Precautions to reduce health risks in concrete work
17 July 2019 | Web Article Number: ME201915452
As with many other materials, there are potential risks involved in handling or working with portland cement or mixes made using portland cement. Bryan Perrie, MD of The Concrete Institute, provides guidance on how to avoid the effects of unprotected exposure.
THE composition of portland cement is such that when dry cement is exposed to water a chemical reaction called hydration takes place, releasing a very strongly alkaline (and caustic) fluid. This can cause alkali burns and safety measures should be observed. Appropriate precautions are advised to prevent tissue damage when handling fresh mixes containing water and portland cement.
Cement dust, dusts from handling aggregates and from cutting concrete are easily inhaled. Prolonged or regular exposure to these dusts should be avoided.
Portland cement is a complex combination of compounds that includes minute quantities of trace elements. Although South African cements typically contain less than two parts per million of Hexavalent Chrome (widely regarded as a safe level), it may serve as an aggravating factor in cases of exposure to alkaline fluids. There have been some reports of allergic dermatitis after exposure to these fluids.
When fresh concrete or its bleed water comes into contact with human skin, the alkalis react with the oils and fats in the skin as well as the proteins in the skin itself causing tissue damage. Other organic tissue (e.g. mucous membrane) can also be attacked by strong alkalis leading to burns that can sometimes be severe, and users should try to avoid all unnecessary contact with these fluids. Where such contact is unavoidable, suitable precautions should be taken.
Roughness and dryness of the hands after working with concrete is a typical consequence of loss of these oils and fats. More prolonged exposure could result in irritant dermatitis. It is possible that the effects of trace elements may aggravate the condition and lead to an allergic dermatitis. To safeguard against accidental exposure, appropriate protective equipment is strongly recommended.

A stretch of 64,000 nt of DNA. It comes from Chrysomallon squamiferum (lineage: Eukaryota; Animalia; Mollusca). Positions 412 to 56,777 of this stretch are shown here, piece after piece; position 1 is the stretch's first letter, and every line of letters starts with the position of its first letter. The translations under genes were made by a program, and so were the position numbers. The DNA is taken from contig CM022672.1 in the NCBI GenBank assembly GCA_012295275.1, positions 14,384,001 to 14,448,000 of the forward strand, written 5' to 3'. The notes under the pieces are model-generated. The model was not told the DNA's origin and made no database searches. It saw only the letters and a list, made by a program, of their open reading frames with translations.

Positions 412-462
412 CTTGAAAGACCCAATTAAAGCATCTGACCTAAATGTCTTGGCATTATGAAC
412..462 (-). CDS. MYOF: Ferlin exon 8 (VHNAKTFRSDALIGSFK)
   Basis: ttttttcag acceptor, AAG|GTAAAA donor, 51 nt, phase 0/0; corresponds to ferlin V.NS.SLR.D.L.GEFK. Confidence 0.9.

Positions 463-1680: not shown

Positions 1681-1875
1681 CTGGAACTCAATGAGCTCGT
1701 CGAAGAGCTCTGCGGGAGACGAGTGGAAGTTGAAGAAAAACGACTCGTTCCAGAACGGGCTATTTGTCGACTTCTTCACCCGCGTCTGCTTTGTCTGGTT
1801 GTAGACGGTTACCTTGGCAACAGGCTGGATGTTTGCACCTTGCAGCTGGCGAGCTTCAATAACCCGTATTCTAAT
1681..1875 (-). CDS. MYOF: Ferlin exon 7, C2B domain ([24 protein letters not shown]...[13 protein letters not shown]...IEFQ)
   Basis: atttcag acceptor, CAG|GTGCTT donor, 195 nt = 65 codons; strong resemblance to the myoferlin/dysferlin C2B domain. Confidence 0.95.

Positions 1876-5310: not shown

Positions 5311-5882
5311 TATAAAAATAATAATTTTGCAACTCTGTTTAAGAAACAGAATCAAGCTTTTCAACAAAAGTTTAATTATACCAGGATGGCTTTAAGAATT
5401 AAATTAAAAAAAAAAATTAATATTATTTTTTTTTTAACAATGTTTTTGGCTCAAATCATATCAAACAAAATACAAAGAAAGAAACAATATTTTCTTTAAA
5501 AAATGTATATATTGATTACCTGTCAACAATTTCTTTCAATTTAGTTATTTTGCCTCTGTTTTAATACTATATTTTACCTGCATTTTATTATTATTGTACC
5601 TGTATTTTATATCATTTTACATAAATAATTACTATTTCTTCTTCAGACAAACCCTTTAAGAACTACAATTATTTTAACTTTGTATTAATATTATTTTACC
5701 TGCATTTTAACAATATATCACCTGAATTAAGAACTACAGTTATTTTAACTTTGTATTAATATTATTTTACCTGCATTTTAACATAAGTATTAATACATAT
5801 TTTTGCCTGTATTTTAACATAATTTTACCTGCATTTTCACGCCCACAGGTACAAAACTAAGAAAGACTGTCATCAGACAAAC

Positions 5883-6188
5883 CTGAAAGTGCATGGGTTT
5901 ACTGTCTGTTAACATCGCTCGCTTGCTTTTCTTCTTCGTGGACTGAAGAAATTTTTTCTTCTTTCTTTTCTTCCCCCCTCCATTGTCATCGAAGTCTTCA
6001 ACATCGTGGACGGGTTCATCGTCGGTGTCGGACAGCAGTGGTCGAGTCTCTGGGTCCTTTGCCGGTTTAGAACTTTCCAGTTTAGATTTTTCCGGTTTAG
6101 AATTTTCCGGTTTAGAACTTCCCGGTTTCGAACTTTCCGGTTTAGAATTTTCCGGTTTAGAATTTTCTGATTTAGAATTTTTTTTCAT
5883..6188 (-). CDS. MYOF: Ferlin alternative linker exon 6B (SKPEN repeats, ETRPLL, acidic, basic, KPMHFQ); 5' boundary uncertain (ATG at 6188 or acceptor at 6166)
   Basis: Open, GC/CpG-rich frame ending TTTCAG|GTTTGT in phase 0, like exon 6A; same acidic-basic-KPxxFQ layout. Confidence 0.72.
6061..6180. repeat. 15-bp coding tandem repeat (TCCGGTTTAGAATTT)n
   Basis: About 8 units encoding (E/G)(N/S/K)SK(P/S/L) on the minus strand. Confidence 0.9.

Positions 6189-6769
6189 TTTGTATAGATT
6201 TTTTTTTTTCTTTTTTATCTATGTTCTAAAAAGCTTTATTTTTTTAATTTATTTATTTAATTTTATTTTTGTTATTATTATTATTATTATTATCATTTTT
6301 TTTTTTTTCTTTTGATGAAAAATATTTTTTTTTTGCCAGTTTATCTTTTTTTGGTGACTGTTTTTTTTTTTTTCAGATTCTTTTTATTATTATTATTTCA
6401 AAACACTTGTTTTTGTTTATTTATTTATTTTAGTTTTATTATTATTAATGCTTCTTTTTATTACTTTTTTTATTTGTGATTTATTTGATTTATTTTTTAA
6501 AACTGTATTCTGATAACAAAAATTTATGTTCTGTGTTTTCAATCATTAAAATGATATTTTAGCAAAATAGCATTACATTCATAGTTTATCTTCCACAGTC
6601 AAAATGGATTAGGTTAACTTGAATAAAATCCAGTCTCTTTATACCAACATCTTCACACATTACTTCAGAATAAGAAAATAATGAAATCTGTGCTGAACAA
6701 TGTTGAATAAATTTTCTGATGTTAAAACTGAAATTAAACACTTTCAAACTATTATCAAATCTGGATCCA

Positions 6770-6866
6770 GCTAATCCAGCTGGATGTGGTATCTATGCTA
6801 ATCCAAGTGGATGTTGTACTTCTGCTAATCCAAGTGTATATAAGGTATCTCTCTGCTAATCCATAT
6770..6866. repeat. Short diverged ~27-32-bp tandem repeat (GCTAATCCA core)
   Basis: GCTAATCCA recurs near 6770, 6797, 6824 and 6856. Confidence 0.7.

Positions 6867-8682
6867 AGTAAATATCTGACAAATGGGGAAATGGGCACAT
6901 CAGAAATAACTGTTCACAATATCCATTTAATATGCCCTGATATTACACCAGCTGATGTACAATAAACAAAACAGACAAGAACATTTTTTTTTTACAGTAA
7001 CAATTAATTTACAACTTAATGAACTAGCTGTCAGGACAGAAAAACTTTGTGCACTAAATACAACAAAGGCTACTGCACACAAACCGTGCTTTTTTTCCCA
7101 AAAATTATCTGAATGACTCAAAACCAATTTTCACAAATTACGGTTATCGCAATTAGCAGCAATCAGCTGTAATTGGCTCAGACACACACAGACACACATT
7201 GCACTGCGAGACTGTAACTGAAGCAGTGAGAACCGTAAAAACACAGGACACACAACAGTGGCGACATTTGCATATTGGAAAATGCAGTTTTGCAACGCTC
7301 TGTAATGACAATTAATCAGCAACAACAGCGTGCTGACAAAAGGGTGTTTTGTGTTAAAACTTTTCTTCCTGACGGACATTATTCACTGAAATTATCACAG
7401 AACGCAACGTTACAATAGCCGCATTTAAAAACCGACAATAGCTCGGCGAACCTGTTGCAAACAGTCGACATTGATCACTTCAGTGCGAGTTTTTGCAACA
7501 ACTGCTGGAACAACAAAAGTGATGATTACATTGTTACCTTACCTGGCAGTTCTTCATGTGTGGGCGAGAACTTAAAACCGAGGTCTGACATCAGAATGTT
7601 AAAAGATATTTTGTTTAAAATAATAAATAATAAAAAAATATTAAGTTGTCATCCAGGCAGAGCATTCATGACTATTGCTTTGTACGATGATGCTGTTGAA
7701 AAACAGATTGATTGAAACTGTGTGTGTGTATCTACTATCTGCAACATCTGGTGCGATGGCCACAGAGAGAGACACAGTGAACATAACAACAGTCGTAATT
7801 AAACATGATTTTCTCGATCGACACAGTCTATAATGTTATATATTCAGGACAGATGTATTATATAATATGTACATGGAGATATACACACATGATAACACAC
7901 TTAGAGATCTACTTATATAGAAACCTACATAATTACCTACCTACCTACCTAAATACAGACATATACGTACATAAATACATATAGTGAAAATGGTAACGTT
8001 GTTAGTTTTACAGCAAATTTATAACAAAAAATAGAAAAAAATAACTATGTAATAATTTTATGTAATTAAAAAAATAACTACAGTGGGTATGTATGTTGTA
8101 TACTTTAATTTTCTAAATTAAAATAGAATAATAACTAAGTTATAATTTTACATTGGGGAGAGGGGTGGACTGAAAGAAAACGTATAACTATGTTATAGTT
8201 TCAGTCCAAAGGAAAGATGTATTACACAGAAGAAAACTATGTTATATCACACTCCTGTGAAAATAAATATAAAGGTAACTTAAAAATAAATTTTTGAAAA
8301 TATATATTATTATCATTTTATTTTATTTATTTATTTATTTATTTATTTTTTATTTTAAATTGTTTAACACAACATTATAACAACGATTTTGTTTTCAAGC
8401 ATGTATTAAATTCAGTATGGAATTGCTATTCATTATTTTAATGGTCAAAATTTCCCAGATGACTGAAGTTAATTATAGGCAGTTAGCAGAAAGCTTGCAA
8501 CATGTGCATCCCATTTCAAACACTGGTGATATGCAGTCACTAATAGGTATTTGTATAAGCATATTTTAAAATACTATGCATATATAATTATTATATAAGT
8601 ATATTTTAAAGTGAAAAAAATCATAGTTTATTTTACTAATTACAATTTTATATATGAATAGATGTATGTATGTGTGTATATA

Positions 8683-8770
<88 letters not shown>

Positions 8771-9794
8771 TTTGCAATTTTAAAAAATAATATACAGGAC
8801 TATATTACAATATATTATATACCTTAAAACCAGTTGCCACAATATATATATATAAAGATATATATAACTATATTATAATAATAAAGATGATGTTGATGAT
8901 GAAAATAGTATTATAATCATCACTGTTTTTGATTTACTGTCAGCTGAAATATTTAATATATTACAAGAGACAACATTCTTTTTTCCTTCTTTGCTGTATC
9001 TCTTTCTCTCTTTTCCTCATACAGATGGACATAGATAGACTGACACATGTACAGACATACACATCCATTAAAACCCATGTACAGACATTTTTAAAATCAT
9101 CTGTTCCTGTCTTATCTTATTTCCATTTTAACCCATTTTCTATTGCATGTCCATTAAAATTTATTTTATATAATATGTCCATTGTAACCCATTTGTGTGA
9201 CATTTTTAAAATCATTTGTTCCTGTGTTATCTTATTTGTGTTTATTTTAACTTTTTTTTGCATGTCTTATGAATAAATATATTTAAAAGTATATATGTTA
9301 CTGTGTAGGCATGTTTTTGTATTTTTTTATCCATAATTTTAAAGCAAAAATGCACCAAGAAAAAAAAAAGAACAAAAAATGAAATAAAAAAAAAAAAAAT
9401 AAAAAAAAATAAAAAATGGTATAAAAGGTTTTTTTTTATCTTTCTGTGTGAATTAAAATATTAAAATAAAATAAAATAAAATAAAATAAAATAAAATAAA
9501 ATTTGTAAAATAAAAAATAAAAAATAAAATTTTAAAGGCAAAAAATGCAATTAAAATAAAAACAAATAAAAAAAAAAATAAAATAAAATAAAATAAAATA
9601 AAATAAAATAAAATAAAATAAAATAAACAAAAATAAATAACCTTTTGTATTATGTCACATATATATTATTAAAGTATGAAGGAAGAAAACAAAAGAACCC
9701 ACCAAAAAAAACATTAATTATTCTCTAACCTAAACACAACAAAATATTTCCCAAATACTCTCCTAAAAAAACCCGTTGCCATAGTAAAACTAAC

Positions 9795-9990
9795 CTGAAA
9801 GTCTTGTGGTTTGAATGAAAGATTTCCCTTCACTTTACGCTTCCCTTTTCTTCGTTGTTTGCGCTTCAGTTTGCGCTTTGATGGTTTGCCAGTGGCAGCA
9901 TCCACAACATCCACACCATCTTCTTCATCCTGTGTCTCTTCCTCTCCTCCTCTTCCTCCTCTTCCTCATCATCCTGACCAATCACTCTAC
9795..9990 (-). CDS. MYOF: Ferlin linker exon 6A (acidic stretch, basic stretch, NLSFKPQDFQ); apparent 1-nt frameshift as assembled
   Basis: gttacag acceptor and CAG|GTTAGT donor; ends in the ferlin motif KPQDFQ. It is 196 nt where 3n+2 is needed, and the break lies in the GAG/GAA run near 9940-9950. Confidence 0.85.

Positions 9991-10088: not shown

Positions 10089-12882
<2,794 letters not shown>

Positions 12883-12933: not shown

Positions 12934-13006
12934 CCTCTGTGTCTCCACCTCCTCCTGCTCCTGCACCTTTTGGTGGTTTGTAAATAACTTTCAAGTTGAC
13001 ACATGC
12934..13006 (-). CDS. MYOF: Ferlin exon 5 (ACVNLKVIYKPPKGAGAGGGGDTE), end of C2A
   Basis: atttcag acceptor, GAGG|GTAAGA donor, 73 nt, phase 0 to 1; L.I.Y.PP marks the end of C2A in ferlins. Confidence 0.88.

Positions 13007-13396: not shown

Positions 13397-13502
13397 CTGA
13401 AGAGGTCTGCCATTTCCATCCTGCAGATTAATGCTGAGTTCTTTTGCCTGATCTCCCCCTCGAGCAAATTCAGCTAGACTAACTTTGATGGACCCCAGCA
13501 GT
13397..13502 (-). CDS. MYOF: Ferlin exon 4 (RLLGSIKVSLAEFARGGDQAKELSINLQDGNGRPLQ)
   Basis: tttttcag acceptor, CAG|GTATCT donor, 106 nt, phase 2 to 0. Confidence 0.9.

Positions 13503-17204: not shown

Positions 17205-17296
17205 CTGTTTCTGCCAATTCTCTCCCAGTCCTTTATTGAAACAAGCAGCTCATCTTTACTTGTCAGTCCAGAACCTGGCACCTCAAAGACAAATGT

Impermeable gauntlet type rubber gloves and high length rubber boots should be worn to prevent direct contact with skin. Trousers should overlap the boots rather than be tucked into them. Hydrophobic alkali-resistant barrier creams should be applied to hands and any areas of skin likely to be in contact with fresh concrete. Ordinary barrier creams are likely to be inadequate.
These precautions may be ineffective if the skin itself is not clean and free of concrete residue. Even a tiny trace of cement dust remaining in contact with wet skin will raise the pH significantly. For this reason, some authorities recommend the use of disposable gloves and discourage reusable gloves.
Regularly wash (at least daily) protective clothing and keep it clean and free of concrete and wash any areas that have been accidentally splashed with wet concrete as soon as possible with large quantities of clean water. Ensure that normal and protective clothing does not become soaked with wet concrete or concrete fluids as this could result in exposure over an extended period, resulting in tissue damage.
Cement is an abrasive fine powder, and when handled, some dust may become suspended in the air in the working area. Users should avoid inhaling cement dust as this may cause irritation of the nose and throat. Cement dust may also cause irritation of the eyes. This will occur because of the chemical reaction of the suspended dust with the moist mucous membranes. Airborne cement dust should be kept to a minimum to avoid these problems. Should this be impractical, then the use of goggles and dust masks is strongly recommended.
Many of the aggregates used in concrete have high silica contents. The fine silica dusts created when crushing or handling these aggregates could cause lung problems, and precautions should be observed to avoid breathing in such dusts.
Dust from demolishing or cutting hardened concrete may contain unhydrated cement and could cause respiratory problems as outlined above. In addition, if the coarse or fine aggregate used in making the concrete contains crystalline silica, then inhalation of these fine silica particles could expose workers to the risk of developing silicosis. A concerted effort should be made to avoid generating such dusts. If this is not possible, the use of suitable respiratory protective equipment is recommended.
Site workers should also not kneel on fresh concrete during placing, compacting and finishing operations. If kneeling is unavoidable, thick waterproof kneepads should be worn with a kneeling board to prevent the pads sinking into the fresh concrete. In severe cases of alkali burns, a medical practitioner should be consulted as soon as possible.